• By accepting his anger and transforming it into a more positive force, he was able to find balance and control.
  • Radical acceptance involves acknowledging and embracing all aspects of oneself, including both positive and negative traits.
  • Different parts of the self may serve important purposes and have been essential for survival.
  • Carl Jung's concept of the Shadow refers to the disowned or repressed parts of the self, which can include both negative and positive qualities.
  • Suppressing or ignoring these parts can lead to problems and hinder personal growth.

A difficult but life-changing decision Jerry made to say “No.” (01:42:55)

  • Tony Robbins left the venture business and professional investing despite his success because it caused him emotional pain.
  • The decision to leave was a result of a long-term process that began around 1999-2000 when the market crashed, making him unhappy and unable to continue fundraising.
  • After leaving the venture fund, Robbins took a position at JP Morgan but realized within a few months that it was not a good fit for him.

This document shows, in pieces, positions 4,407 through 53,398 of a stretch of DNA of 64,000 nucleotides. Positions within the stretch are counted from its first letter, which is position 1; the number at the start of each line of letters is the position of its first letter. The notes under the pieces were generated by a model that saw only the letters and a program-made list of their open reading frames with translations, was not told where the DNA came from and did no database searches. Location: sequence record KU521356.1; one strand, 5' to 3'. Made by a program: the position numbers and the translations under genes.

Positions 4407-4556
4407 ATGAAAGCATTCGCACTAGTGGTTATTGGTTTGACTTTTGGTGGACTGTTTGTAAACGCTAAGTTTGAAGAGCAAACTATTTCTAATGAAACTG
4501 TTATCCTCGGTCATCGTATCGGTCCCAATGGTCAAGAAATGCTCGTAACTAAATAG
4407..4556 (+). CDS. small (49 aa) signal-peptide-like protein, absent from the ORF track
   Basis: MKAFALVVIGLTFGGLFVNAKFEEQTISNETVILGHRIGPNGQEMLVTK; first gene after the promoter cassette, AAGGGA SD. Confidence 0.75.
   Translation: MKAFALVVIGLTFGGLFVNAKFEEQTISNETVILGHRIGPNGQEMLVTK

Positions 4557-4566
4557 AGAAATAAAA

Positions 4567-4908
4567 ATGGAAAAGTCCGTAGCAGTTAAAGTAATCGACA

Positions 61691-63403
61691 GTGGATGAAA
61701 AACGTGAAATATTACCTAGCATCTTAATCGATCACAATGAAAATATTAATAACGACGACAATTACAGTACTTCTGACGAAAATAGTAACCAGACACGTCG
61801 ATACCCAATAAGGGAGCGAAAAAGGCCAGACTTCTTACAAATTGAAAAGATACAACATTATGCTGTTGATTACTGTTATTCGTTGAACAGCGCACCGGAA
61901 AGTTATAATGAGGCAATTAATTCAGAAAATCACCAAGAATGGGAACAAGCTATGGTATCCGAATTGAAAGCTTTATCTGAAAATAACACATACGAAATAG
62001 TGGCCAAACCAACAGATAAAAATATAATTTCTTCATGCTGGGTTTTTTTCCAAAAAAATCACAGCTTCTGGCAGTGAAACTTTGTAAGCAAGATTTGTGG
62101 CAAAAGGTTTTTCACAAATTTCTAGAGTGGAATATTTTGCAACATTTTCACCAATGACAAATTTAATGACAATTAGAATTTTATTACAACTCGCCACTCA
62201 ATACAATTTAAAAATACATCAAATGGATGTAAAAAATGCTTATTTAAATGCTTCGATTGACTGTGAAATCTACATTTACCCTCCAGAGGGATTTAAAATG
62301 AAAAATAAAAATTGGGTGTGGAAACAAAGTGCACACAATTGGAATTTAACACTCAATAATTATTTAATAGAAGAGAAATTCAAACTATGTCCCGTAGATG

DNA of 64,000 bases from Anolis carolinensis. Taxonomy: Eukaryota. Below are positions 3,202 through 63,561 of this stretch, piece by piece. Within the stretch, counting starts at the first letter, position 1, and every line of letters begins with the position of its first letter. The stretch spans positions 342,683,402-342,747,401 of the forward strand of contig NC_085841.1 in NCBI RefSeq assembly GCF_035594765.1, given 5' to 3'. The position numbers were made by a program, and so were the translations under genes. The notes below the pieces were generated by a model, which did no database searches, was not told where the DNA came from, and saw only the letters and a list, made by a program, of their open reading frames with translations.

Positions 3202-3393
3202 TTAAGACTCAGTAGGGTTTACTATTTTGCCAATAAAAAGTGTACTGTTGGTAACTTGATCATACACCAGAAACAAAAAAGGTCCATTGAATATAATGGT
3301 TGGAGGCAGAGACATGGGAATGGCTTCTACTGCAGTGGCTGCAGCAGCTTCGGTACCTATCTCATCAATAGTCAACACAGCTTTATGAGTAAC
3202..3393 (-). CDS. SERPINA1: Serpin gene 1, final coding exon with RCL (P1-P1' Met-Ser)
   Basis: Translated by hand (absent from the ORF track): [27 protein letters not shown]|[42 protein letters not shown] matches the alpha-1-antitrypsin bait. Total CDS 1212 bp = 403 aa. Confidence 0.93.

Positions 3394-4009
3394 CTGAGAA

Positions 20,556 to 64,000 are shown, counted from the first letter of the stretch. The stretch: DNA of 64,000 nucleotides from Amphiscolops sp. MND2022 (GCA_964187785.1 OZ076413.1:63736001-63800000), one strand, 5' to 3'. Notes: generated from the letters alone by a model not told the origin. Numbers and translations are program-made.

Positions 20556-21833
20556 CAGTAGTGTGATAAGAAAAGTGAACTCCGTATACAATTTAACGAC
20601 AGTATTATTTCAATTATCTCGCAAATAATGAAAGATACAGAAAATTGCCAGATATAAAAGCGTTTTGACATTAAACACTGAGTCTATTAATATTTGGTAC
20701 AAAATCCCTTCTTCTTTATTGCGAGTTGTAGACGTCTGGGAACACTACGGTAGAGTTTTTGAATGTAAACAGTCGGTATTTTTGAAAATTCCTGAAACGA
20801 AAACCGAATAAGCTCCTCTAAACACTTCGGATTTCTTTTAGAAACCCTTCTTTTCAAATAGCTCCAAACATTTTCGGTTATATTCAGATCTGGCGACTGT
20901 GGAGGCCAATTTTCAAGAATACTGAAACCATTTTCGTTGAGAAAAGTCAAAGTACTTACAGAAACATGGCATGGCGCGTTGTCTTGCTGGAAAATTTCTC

• He chose not to renew his contract at JP Morgan and became unemployed for the first time since he was 13, seeking liberation from external definitions and constraints.
  • Robbins credits his decision to books he read at Canyon Ranch and the beginning of his meditation practice, which helped him listen to his inner self and make a choice that aligned with his true desires.
  • In November, he informed his business partner, Jerry Colonna, that he would no longer be his partner.
  • Despite the fear of the unknown, Robbins felt a sense of relief and terror simultaneously after making the decision.
  • He shared the news with his assistant, Carrie Racklin, who remains a close friend to this day.

Advice for anyone at a similar junction. (01:49:35)

  • Realize that you are not alone in feeling a sense of relief combined with fear of the unknown during midlife.
  • Many successful people have experienced similar feelings and have come out stronger on the other side.
  • Books and advice from those who have been through similar experiences can provide guidance and support.

Using journaling and meditation to cope with anxiety and inner turmoil. (01:51:23)

  • Expressing rage and anxiety through journaling or talking to someone can reduce their power and intensity.
  • Asking questions to the source of anxiety, such as "What's the threat?" or "Have I heard this before?", can help relieve anxiety by activating the prefrontal cortex.
  • Journaling before meditation can help process difficult feelings and set the intention for the meditation session.
  • Visualization and affirmations during meditation can help open the heart and promote feelings of love and kindness.

Learning about loving kindness (metta) meditation. (01:54:59)

  • Loving-kindness meditation (metta meditation) is a powerful and effective meditation technique.